- 10 Aug
Mind the gap – managing loss prevention
By Alan Morris, Managing Director of Retail Assist
No retailer can render itself immune from theft, fraud, shrinkage and loss. It’s a chilling reality, and one that is being addressed by massive investments in security, process and technology.
But, whilst each can contribute to an overall solution, retailers often focus on them in isolation, at the same time discarding critical data that could highlight the source of loss and prevent its reoccurrence.
To remain competitive, even the most successful retailer must constantly strive to minimise costs, streamline process and maximise margins. Yet, at the same time as attention is focused onabove the line- efficiencies and profitability, a significant proportion of sales turnover, estimated in the UK to be between 1.4% and 1.6%, is lostbelow the line- to shrinkage in all its forms.
A retailer turning over £200m with profits of £10m, but with 3% shrinkage, would see those profits rise to £13m if they hit the UK’s average shrinkage level: a creditable 30% increase in profits.
As commercial pressures translate into leaner margins, price increases to offset losses are not a practical remedy. Shrinkage has to be tackled head on, but where should retailers direct their efforts?
Greatest success comes from a multi-faceted strategy which, addressing the diverse and complex nature of the problem, combines tactics directed at staff, procedures, equipment and IT. And, of course, the starting point has to be an analysis of the problem in all its manifestations, as this will differ by sector, by channel and by retailer.
Contrary to popular perception, not all shrinkage is down to customer theft. According to recent US research, staff theft, which is more insidious and harder to spot than customer theft, accounts for over 45% of loss.
Procedural errors and poor systems are believed to contribute a further 12%, with supplier errors amounting to 8%. Not surprisingly, whilst improved security measures such as Chip & PIN and RFID are reducing store-based loss, growing online sales have created a new hunting ground for those of a fraudulent nature.
Remedies are needed in each of the following areas and, most importantly, must bejoined up- to gain maximum benefit.
Security & Culture
Retailers are investing more and more in physical security measures, from visible deterrents such as security staff, cameras and alarms, to RFID and source tagging devices on higher value items. Frequently, success is diluted by an indifferent, if not corrupt, staff culture.
This manifests itself in little attention paid to security measures, through to active theft, often perpetrated through refund abuse. A less forgiving culture, greater staff involvement and more rigorous training all have their part to play in reducing loss.
Retailers that take time to map their processes invariably find many are cumbersome, redundant and prone to abuse. There’s much to be gained from tighter policies for refunds and stock management but, even then, a failure to integrate core processes allows shrinkage to pass unnoticed.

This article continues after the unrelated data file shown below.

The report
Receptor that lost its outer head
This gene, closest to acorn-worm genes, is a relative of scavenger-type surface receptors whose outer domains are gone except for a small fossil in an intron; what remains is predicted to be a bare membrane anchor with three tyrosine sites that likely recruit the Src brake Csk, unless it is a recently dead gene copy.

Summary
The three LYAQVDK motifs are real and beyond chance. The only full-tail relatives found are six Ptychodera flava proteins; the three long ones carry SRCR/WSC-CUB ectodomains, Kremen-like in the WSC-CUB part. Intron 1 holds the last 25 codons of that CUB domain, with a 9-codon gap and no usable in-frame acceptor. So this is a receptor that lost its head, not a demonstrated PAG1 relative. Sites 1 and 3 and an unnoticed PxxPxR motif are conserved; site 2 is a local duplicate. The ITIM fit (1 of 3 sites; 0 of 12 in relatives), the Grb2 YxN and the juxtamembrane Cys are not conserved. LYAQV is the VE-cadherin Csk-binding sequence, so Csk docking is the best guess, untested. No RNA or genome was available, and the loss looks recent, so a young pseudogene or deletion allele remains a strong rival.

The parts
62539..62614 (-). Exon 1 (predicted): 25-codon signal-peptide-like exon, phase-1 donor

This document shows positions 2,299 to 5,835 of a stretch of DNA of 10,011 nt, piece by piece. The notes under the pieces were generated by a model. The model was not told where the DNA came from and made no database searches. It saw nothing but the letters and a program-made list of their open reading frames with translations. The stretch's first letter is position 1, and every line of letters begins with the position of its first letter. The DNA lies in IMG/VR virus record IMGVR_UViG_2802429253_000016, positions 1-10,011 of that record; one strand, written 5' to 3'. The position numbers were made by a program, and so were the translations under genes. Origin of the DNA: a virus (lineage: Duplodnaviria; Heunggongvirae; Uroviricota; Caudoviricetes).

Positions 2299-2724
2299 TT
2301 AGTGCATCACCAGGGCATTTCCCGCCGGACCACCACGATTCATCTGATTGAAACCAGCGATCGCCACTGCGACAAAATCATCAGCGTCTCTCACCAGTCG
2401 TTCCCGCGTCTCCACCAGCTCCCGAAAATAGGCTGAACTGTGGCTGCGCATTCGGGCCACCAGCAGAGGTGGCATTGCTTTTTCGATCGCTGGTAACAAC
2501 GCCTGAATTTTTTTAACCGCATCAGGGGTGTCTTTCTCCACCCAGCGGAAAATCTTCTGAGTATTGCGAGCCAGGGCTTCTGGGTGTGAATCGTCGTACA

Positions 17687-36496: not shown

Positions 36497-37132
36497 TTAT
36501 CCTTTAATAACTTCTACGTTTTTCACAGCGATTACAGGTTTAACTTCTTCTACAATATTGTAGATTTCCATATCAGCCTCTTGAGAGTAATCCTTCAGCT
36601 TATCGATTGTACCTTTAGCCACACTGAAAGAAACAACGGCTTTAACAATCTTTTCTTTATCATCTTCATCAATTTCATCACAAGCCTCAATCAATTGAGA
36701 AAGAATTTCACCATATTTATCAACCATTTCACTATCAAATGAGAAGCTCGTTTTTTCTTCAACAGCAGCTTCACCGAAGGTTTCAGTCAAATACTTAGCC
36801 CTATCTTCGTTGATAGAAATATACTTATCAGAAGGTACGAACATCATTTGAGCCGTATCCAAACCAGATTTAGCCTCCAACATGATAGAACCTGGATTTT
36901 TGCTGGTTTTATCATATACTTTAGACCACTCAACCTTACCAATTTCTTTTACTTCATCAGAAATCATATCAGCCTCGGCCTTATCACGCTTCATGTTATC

Only when all phases of the retail lifecycle are integrated, from buying and merchandising, through stock control to replenishment and forecasting, can a business hope to pinpoint the areas where profits are flowing out.
Technology has a key role to play in loss prevention. The right applications can identify and control cashier theft and errors, delivery supplier fraud, customer theft and perishable shrinkage.
Using today’s PoS systems combined with rules-based applications, it’s possible to record transaction history and pinpoint anomalies, thereby identifying the causes of lost sales opportunities and lapses in inventory management. Alerts can also be set up to flag exceptional events and allow immediate investigation. The immediacy of response and investigation is a powerful driver of behaviour in store.
Even when technology is actively used, adequate integration between front-office and back-office applications is rare. This lack can result in valuable data both falling between the cracks or being actively discarded. An example would be the vast quantity of data produced by till systems, that is stripped out before critical elements are fed into merchandising systems.
Whilst technology alone cannot solve the problem, it should be the linchpin of a strategy that combines security measures, business culture and process flow. When all these elements are aligned, a retailer can not only to record when and where loss is occurring, but what can be done to prevent its reoccurrence.
Shrinkage has been described as the last free money on the table. Retailers realise that it is one of the few external elements within their sphere of influence and only they can put their house in order. Left to grow unfettered, shrinkage is a huge impediment to growth. If confronted head-on with complementary, integrated solutions, it can be an opportunity to significantly increase profit.